People new to Maine and winter in general confirmed this week what I already knew: my previous column — about roof rakes, endless snow and pajamas before 5 p.m. — was ominous. Although, I would argue that my tips were not nearly as ominous as the actual weather we have been experiencing for two solid weeks.

In any case, in an effort to soften the message, I want to share one other thing I’ve learned since moving to Maine from Florida 10 years ago: Snow days are a gift.

Snow days are part of childhood legends. They are Hollywood script goldmines. And, at the end of the year, they are most kids’ favorite days between the first day of school and the last.

Snow days are pretty spectacular for adults, too — especially teachers.

But you don’t get snow days in Florida.

I shared this bit of reality with my boys last Friday, on their second consecutive snow day, and I asked if they remembered a time when there was no such thing as waking up to find out there is no school. Ford, 17, has some memories of kindergarten and first grade in Florida, but the others — Owen, 15, and Lindell, 11 — have never been to school anywhere except Maine.

“You mean kids in Florida never get a call early in the morning saying that they don’t have school?” Lindell asked.

“Not usually,” I told him. “Unless it’s a hurricane. And they know those are coming.”

The look on Lindell’s face was one of shock and pity, because, obviously, snow days are the best part of being a kid (and a working adult). Not having snow days is like waking up and finding out Santa didn’t come.

If you are new to the state and new to snow days, they usually go something like this: Excitement builds as the weather forecast calls for snow. Teenagers get out their Snow Day App and cling to its results like the Yes/No on a Magic 8 Ball. Every time they click refresh, the app says something different, and emotions run high. Will there be a snow day or not?

Parents start to make arrangements and secretly check the snow day app, too. Maybe their work will close. Maybe they should get bread and milk and ingredients for cookies. Is there anything on Netflix to watch? Do you have all the knitting supplies? Are your favorite pajamas clean and ready for a full day of wearing?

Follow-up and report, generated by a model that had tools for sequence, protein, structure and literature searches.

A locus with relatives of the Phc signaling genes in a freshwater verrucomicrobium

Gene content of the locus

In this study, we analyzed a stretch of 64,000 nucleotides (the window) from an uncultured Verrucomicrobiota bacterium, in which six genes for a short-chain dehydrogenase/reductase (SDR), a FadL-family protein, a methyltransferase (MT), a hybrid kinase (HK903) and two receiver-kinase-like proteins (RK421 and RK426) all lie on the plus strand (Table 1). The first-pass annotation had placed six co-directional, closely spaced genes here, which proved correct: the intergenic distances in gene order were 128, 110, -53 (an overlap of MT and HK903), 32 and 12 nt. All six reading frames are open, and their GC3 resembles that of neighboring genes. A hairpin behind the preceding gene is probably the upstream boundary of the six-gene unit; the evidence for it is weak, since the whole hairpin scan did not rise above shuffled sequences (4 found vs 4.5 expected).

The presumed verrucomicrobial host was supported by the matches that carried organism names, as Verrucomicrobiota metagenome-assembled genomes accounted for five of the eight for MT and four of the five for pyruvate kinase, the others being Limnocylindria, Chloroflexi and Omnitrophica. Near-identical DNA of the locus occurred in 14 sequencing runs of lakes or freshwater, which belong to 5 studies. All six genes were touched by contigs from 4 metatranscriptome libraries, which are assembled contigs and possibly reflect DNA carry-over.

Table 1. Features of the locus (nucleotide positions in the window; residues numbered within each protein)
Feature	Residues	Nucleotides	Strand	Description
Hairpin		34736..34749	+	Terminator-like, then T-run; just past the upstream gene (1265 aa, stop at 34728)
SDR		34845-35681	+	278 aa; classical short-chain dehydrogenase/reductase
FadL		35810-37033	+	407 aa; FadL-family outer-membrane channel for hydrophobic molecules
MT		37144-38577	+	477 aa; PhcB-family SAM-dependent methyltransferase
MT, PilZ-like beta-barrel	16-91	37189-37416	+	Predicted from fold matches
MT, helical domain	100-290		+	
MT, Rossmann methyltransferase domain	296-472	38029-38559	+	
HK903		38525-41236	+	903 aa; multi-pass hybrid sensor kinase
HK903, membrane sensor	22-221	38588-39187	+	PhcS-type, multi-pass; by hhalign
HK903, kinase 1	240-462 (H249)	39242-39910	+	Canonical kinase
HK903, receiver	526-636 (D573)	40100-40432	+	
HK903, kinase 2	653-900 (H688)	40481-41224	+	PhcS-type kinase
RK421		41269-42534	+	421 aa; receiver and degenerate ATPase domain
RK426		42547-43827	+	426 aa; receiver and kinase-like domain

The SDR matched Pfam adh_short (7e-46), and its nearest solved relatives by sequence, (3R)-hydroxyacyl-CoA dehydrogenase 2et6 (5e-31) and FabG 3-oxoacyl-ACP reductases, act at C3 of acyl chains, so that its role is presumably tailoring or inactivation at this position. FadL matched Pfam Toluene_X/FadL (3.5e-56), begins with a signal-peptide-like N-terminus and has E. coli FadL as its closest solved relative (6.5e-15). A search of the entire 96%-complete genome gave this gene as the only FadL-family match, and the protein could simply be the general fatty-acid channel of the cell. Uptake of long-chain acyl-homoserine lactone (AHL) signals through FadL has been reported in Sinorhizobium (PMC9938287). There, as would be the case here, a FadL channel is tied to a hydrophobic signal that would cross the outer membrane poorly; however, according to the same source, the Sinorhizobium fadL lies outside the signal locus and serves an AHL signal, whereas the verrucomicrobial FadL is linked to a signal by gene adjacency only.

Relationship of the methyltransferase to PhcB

People start to talk and share their predictions. Yes, school will probably be closed, they say. Or, no, we will definitely have school. There is talk about when the snow is predicted to start and stop and whether the plows will have enough time to clear the roads before busses are scheduled to make their rounds.

The kids start to get their hopes up. Secretly, the parents do, too. Someone advises that everyone sleep with their pajamas on inside out, just in case. Popular lore says that sometimes this works to please the snow day gods.

Everyone goes to bed on time because a snow day is not guaranteed.

And then, early in the morning, the phone rings. The sound pierces the stillness of the house like an alarm clock. Only, this is a very welcome alarm. Those who are woken easily rush to grab the phone. Those who need a 4-alarm fire to open their eyes stay blissfully asleep. And then whoever got to the phone first — in my house it’s always Ford — yells, “It’s a snow day!”

Suddenly, even the heaviest sleepers are awake but joyful.

For a brief period of time, other phones ring and text messages sound as the school department delivers the message to every device registered on the family’s emergency list. No one has ever been happier to hear the superintendent’s voice. If she calls five more times on each cell phone in the house, the kids will listen to the message again with rapt attention. And each time they hang up, they yell, “Snow day!” and celebrate some more.

If the parents are lucky enough to have work canceled, there are pancakes to make, cookies to bake and Netflix to watch. No one gets out of pajamas. No one watches the clock. There is no such thing as a schedule. Who can get out of the driveway anyway?

The younger kids dump out all their Legos and spend hours building. Sometimes, the older siblings partake in younger activities that would not seem interesting on a regular day. They might build Legos, too, or help a younger brother make an origami Yoda.

In short, a snow day is like Christmas Day, defined by family togetherness, closed stores, and nothing to do but be together.

It’s a gift not granted in other, warmer parts of the country. And the next day, as we step out into waist-high snow banks and begin to dig out, we can all cling to that.